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Judge David Doty, who didn’t want to settle football’s labor impass

December 31, 1993

NEW YORK (AP) _ Judge David Doty, who didn’t want to settle football’s labor impasse, now may be forced to because the players and owners are at odds again.

According to sources involved in the dispute, Doty spoke to the two sides by telephone on Thursday and summoned them to meet with him in Minnesota next week, probably on Tuesday.

He then could issue a decision on free agency or urge them to try again to settle the five-year-old dispute that seemed to be on the brink of settlement.

There was no official comment from the office of Doty, the U.S. district judge who presided at the trial last summer at which limited Plan B free agency was thrown out by a jury.

But Wednesday night, reached at home after the talks broke off, he said:

″I’ve been with these cases since 1987 and nothing is either expected or surprises me about what happens with them. We’ll just go ahead and do what we were planning to do, at any rate.″

Thursday was a day of dueling news releases and the players, in a statement issued in the name of chief negotiator Jim Quinn, accused ″hard-line owners″ of killing a deal he had made with commissioner Paul Tagliabue and Dan Rooney, owner of the Pittsburgh Steelers and chairman of the owners’ negotiating commitee. The two who apparently played the biggest role were representatives of the two Los Angeles teams - Al Davis of the Raiders and John Shaw of the Rams.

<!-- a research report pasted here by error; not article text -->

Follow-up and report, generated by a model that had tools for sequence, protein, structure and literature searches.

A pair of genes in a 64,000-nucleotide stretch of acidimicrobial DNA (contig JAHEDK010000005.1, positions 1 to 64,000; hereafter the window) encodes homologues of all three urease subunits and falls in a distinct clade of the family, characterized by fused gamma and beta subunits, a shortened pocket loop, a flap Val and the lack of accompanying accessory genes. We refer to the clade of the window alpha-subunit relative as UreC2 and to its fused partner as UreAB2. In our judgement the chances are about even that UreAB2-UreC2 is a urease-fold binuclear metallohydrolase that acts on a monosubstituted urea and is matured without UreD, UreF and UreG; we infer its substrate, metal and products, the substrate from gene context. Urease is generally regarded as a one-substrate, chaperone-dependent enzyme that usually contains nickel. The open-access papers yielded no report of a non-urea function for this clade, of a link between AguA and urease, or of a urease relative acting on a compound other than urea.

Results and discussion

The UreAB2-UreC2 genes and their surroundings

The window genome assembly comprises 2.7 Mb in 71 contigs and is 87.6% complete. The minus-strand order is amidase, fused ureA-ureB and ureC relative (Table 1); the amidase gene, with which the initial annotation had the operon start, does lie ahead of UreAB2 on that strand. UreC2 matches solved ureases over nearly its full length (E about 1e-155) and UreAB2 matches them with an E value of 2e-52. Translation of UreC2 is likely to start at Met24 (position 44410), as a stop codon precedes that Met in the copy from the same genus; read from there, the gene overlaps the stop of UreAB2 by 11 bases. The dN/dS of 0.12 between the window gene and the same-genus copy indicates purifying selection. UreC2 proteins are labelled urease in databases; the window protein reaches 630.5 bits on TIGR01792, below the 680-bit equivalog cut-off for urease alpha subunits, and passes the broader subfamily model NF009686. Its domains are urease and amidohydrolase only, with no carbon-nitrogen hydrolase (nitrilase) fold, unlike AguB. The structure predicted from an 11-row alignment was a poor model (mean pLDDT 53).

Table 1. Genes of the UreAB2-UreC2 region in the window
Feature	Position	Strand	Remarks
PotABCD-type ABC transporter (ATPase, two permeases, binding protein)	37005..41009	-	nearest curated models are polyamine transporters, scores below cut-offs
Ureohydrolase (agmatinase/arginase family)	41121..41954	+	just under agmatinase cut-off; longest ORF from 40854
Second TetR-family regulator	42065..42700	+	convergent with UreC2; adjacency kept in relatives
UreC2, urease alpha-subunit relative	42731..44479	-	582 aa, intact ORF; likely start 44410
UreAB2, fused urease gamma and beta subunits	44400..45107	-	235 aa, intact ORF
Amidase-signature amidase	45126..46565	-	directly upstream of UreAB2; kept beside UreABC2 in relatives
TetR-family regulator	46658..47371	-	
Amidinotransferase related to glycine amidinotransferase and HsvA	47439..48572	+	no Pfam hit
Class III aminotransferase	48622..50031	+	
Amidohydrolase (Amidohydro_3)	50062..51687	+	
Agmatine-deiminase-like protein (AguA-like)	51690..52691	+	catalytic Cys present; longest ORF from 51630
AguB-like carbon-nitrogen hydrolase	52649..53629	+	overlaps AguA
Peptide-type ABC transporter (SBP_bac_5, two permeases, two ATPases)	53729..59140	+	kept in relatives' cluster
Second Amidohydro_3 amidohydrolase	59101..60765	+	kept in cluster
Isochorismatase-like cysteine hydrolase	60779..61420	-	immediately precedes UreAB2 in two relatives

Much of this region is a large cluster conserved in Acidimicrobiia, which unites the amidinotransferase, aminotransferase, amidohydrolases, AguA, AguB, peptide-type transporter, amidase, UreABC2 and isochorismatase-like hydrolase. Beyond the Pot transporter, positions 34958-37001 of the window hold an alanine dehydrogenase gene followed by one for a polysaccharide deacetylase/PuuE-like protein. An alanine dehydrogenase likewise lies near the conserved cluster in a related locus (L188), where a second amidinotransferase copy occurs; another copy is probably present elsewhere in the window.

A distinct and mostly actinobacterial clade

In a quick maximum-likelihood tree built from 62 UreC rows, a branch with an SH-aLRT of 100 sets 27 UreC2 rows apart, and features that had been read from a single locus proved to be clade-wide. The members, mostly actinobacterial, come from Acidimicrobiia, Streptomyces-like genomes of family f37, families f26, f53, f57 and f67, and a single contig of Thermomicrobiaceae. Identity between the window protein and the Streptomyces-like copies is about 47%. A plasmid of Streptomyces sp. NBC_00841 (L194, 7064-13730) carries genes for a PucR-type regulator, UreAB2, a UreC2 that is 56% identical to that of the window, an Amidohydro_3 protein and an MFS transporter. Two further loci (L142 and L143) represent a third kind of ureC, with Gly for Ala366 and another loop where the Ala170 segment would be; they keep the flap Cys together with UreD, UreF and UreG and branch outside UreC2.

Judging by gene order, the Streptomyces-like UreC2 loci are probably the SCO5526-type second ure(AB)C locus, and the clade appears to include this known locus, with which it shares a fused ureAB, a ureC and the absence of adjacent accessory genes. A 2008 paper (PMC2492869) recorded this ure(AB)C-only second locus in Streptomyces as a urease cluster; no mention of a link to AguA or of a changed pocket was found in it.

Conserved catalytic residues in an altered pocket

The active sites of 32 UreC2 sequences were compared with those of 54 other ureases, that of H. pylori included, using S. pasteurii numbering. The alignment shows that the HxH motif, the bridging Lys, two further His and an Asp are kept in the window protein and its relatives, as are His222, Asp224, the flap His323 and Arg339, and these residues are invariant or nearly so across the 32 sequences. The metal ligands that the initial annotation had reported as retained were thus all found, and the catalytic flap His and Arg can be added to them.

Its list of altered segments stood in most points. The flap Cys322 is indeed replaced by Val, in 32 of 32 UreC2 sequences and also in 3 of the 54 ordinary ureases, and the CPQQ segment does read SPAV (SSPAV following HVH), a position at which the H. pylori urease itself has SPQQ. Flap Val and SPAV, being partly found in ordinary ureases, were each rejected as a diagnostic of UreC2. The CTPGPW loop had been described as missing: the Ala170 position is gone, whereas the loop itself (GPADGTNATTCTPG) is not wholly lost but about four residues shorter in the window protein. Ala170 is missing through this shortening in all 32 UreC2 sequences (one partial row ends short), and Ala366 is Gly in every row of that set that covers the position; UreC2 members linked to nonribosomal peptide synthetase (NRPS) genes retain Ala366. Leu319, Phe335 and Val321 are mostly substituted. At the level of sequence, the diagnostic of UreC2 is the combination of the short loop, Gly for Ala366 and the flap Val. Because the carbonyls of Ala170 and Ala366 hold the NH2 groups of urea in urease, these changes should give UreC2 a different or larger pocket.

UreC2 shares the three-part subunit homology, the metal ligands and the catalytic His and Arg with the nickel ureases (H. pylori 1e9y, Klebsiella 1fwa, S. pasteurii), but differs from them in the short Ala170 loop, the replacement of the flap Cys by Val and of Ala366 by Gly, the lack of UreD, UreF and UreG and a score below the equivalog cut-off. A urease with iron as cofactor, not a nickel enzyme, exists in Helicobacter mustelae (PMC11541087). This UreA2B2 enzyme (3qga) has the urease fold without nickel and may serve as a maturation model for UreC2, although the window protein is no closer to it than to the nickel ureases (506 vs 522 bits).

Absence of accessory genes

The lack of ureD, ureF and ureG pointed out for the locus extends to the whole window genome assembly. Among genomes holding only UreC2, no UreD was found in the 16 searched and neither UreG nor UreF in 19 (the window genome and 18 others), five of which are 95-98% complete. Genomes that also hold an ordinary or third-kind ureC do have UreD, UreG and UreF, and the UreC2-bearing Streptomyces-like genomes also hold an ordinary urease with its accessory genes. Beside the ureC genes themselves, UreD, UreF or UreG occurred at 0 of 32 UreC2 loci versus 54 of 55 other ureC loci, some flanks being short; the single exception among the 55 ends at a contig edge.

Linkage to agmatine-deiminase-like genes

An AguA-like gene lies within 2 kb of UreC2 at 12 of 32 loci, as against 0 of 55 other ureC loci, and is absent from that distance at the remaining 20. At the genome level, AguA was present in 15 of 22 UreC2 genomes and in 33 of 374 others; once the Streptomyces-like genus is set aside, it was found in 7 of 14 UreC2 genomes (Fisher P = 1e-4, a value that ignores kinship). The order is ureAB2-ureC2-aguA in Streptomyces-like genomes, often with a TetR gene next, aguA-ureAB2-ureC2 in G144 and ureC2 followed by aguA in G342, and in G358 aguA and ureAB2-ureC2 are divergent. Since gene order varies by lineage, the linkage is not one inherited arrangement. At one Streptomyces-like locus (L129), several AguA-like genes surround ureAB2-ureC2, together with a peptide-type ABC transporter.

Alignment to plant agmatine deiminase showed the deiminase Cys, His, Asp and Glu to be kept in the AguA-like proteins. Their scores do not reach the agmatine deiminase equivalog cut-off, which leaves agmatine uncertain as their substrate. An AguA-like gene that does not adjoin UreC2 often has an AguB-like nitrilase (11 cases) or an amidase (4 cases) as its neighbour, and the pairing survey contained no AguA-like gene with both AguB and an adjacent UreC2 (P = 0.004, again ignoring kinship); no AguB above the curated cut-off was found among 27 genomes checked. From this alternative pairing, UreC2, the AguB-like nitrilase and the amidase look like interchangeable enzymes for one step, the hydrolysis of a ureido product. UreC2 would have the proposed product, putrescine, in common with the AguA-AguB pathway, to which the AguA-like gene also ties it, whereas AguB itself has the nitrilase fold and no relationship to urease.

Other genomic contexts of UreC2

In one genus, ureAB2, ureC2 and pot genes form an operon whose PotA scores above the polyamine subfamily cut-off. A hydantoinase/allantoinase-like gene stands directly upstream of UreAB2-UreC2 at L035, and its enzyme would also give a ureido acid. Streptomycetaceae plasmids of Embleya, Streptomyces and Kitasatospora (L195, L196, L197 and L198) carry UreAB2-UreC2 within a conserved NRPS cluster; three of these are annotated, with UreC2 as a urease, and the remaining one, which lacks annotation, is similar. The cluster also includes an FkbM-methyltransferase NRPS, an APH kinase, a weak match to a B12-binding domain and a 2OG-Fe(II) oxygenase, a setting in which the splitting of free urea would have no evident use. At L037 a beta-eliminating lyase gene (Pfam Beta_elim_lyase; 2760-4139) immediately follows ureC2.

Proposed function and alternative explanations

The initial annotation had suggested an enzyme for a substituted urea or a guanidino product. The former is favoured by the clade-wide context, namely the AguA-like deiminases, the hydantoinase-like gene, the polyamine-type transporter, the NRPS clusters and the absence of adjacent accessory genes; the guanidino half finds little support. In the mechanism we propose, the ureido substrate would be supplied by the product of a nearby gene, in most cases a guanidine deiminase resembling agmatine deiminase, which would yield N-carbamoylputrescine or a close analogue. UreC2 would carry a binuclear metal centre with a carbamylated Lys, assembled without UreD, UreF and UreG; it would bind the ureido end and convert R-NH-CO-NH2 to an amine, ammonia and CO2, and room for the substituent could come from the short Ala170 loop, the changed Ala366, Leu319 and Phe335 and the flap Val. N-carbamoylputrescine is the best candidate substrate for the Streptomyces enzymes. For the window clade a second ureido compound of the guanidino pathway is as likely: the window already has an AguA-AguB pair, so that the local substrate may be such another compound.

The league, meanwhile, said the players had broken off negotiations, not the owners.

According to sources, Doty summoned not only the lawyers for both sides but also the negotiators - including Tagliabue and Gene Upshaw, executive director of the NFL Players Association. That gave the NFL some indication that Doty might ask them to try to negotiate the settlement to which they were so close.

According to both sides, they had agreed on a free agency after four years with a salary cap and a certain number of protected players.

However, there were still differences over the length of the contract and over what both agreed was the stickiest issue - the length of time a player could be a free agent.

The owners offered three months - from Feb. 1 to April 1, then from May 1 to June 1. They insisted that would allow teams to stablilize their rosters before going to training camp.

The players said they were willing to allow players to belong only to their teams during training camp but said they should be allowed to pursue all options before and after.

Moreover, while agreeing that the issue had come up since the framework was announced, each blamed the other.

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